There was some controversy over the show being suitable for viewing by children. One campaigner, Mary Whitehouse made a series of complaints to the BBC over its sometimes gory or scary content. However her actions gave the programme a certain reputation which made it even more popular, particularly with children.

This gave rise to the phrase in popular culture; 'Behind the sofa'.

Watching Doctor Who from a position of safety behind the sofa, peering cautiously out to see if the scary bit was over, used to be one of the great shared experiences of British childhood. However others contend this was a myth, pointing out that the traditional positioning of a sofa did not allow for this. Regardless, the series has traumatized many a young child.

There is a reference to the show (that is, as a work of fiction) in the show itself. In the serial Remembrance of the Daleks, set in 1963, a television shows a BBC Television caption of the period with a continuity announcer saying "This is BBC television, the time is quarter past five and Saturday viewing continues with an adventure in the new science fiction series Doc—", but is cut off by a scene change before completing the title.


Seven actors played the Doctor in the original series:

  1. William Hartnell (November 23, 1963 - October 29, 1966)
  2. Patrick Troughton (November 5, 1966 - June 21, 1969)
  3. Jon Pertwee (January 3, 1970 - June 8, 1974)
  4. Tom Baker (December 28, 1974 - March 21, 1981)
  5. Peter Davison (March 21, 1981 - March 16, 1984)
  6. Colin Baker (March 22, 1984 - December 6, 1986)
  7. Sylvester McCoy (September 7, 1987 - December 6, 1989)

In 1996 there was a one-off television movie in which Sylvester McCoy's Doctor regenerated into:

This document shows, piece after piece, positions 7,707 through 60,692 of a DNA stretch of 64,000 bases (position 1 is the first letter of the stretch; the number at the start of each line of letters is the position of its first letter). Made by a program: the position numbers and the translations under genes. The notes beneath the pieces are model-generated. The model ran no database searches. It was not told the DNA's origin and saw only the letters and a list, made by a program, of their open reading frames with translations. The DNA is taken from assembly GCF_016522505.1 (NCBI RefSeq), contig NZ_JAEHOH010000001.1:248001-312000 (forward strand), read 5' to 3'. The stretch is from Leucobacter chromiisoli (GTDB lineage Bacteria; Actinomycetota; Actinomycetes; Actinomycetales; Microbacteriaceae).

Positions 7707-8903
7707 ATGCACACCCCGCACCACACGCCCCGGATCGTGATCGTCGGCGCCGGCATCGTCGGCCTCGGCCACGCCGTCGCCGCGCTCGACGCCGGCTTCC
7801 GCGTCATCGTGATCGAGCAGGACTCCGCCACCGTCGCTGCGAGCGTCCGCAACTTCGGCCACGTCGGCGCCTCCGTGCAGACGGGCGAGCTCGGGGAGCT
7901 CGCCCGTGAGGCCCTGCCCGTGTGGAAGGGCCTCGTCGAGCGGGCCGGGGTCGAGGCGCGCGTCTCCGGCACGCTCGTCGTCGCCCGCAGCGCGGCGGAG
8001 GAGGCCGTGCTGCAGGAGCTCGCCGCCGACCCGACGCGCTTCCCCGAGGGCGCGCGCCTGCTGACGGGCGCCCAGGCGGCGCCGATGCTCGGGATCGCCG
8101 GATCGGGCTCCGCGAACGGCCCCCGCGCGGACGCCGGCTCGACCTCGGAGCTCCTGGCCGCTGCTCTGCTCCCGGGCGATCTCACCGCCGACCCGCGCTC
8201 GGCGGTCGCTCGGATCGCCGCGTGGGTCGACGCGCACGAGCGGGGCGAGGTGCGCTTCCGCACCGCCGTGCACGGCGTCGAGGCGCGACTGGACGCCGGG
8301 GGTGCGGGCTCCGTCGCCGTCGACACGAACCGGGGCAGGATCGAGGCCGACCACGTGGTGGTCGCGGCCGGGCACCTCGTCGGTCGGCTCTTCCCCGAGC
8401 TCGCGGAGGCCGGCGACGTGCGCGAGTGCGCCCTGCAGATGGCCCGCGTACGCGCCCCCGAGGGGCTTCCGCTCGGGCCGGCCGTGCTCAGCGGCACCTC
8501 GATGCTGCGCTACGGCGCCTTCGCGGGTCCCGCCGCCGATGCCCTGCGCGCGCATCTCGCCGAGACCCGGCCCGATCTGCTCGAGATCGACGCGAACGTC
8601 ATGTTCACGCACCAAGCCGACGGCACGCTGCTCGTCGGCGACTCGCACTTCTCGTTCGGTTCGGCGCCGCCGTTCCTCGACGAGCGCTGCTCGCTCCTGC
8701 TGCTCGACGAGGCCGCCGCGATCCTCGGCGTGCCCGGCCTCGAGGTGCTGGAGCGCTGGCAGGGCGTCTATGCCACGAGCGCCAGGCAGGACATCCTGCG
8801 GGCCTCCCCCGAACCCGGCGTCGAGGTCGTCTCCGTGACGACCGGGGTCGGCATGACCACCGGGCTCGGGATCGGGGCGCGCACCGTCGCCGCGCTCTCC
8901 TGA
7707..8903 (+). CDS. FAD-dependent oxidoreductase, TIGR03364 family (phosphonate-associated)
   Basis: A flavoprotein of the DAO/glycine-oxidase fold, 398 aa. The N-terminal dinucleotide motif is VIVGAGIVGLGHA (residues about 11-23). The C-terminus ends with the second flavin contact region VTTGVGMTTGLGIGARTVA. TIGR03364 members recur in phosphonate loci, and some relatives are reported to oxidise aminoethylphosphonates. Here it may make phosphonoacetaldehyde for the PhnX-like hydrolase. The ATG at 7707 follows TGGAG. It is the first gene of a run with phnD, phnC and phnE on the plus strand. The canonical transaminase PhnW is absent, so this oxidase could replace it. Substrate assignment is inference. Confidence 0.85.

8. Paul McGann (May 27, 1996)

See List of Doctor Who serials.

On a few occasions, former actors guest-starred in episodes featuring past incarnations of The Doctor:

The changing of actors is explained within the series by the Time Lords' ability to "regenerate" after suffering mortal injury, illness, or age; the process repairs and rejuvenates all damage, but as a side-effect it reconfigures the Time Lords' physical appearance semi-randomly and also affects their personalities. This explanation was not developed until after the elderly William Hartnell had already retired from the show for health reasons. It was later established that each Time Lord can regenerate 12 times before permanently dying, though as with most such "rules" there were occasionally exceptional cases, such as when a renegade Time Lord at the end of his regeneration cycle possessed the body of another person to continue living.

Another Time Lord was introduced into the series during the Pertwee period, in the form of "The Master", an arch-villain who began to appear regularly until the actor playing the part, Roger Delgado, was killed in a car crash in 1973. In 1977, the character reappeared, this time played by Peter Pratt. In this episode, the Master was heavily disfigured, and on the verge of death due to using up all his regenerations. The Master appeared again in 1981, still disfigured, and now played by Geoffrey Beevers. This time, he absorbed a leader of the planet Traken, and regenerated into a new body. Anthony Ainley played this new Master until the series ended.

The Doctor was played in the film versions (Doctor Who And The Daleks in 1965 and Daleks - Invasion Earth 2150 AD in 1966, both essentially retellings of existing episodes on the big screen and with a bigger budget) by the actor Peter Cushing. In these films, the character introduces himself as "Doctor Who", and is apparently human.

Doctor Who has appeared on stage, numerous times. Almost all the TV stories have been novelised, and there are also a number of series of original novels - many of these are well-regarded and are considered to fit into the official Doctor Who universe. The pilot episode for a potential spinoff series, K-9 and Company, was aired in 1981, but was not picked up as a regular series.